Felici, a library of Verdicchio (1)
The first time I professionally tasted a Verdicchio dei Castelli di Jesi from Felici I immediately unwrapped the foil wrapping that distinguishes their bottles to make sure that I hadn’t mistakenly included a Verdicchio di Matelica in the selection of Verdicchio dei Castelli di Jesi. This was back in 2008 or 2009 and the wine in question was a Riserva 2006, which was citrusy and responsive.
At the time, the name of Andrea Felici was new even to those in the wine sector but in less than five years he became a small, cult winemaker.
Working with his son Leopardo, who is better known to wine lovers because he handles public and press relations, Andrea is a small summation of a Marche farmer: polite but reserved and totally dedicated to his work and his vines.
“The work never ends”, Leopardo tells me in the cellar. He became a successful winemaker after working at Enoteca Pinchiorri in Florence and the unfortunately empty bottles in the cellar of Petrus and Chambertin from Leroy are evidence of his passion and his past.
The estate is in the countryside between Apiro, a tiny town if Castelli di Jesi, and the celebrated Cupramontana, at the feet of Mt San Vicino, in the extreme south and at the same time the highest area of the appellation along with Arcevia. Here the vineyards are situated at altitudes of between 400 and 600m above sea level and have more chalk than average in the appellation.
We met in the middle of winter, January 31, a few days after it had snowed.
“There wasn’t much snow this time, last week we had almost a meter. The snow will be good in view of any summer drought, like the one in the summer of 2012 when the vines survived thanks to the exceptional snowfall the previous winter which created an ample reserve of water in the soil and subsoil”.
The Verdicchio from Aprio is the product of a meteorological mix between the almost mountain climate, given the proximity of Mt San Vicino, and a Mediterranean one from the sea 35km away between which there are no hills to block the breezes, only the Esino Valley.
This combination contributes to create fresh and citrusy wines that are practically identical to the more vibrant ones of Matelica (like Borgo Paglinetto and Belisario made in steel) only drier, more almondy and less citrusy.
The Apiro wine from Andrea and Leopardo Felici is made from vineyards they own and which have different rootstocks depending on the wine they want to make. The estate also has a vineyard with selected clones planted over the years and which constitute a kind of Verdicchio ‘library’ where different clones survive that have been abandoned elsewhere. This initiative is potentially very important for an area where the Rauscendo R2 clone dominates almost unchallenged. However, the area is in good health and has a special place in the hearts of wine lovers throughout Italy.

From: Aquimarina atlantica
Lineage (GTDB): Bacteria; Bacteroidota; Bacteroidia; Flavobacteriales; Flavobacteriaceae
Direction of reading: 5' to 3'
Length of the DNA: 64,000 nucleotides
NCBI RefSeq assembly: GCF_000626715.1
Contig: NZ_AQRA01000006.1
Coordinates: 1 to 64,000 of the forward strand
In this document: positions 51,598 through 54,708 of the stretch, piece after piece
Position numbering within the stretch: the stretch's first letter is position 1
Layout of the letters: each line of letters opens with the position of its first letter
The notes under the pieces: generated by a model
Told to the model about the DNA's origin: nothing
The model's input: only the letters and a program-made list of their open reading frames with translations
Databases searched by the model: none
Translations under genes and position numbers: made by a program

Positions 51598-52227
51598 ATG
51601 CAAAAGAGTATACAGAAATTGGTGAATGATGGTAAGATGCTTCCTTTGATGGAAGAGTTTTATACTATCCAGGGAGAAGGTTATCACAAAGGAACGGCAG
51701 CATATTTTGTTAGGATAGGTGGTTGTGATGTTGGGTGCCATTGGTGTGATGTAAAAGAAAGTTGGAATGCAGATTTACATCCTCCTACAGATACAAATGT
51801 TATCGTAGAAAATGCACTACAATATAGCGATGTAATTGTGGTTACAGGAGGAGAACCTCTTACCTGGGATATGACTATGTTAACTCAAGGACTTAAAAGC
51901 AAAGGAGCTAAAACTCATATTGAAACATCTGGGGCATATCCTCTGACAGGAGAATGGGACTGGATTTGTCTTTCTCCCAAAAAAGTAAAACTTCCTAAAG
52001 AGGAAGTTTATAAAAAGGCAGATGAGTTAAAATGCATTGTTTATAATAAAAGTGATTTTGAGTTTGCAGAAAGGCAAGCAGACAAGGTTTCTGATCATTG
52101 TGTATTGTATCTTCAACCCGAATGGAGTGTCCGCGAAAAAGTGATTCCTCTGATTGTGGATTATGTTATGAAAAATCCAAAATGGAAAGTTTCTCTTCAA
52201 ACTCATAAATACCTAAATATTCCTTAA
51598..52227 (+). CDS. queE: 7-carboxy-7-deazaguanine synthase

“But we still have problems today, starting with hail,” Leopardo tells me.
DoctorWine: In what sense?
Leopardo Felici: We have had it frequently since 2008 and the old timers here say it was never this bad in the past.
DW: Do you have an explanation for this? Could it be global warming?
LF: More than anything else we think it all has to do with the creation of the Lake Cingoli reservoir nearby which created a more humid microclimate than before.
DW: Nevertheless, you don’t have much to complain about considering the popularity Verdicchio is having and yours is especially appreciated by wine lovers.
LF: True but we all still have a lot of work to do. Regulations governing wine production need to be modified and made more elastic in some ways and stricter in others. For example, it should be obligatory to pick grapes by hand for the select wines. And then there are other things.
DW: Such as?
LF: A top quality classification is needed, like the Grand Selezione one for Chianti Classico, in order to single out the best Verdicchio. This is something were are working on with Ondine de la Felde of Tenuta di Tavignano (an excellent producer in Cingoli of Verdicchio dei Castelli di Jesi, ed.note). We want to market our best wines at the price they deserve in order to invest in the vineyard and the winery. Isn’t that what entrepreneurs are supposed to do?
DW: Maybe Felici could then even begin producing sparkling wines.
LF: Exactly. We are considering this but it would have to be a quality product and making a quality sparkling wine entails hefty investments. And this brings us back to the previous point. We have no interest in coming out with a sparkling wine of average quality just to take advantage of the momentary success these wines are having.
The discussion is an interesting one but we will stop here to continue tomorrow with the second part of our conversation followed by a vertical tasting of the Andrea Felici Verdicchio.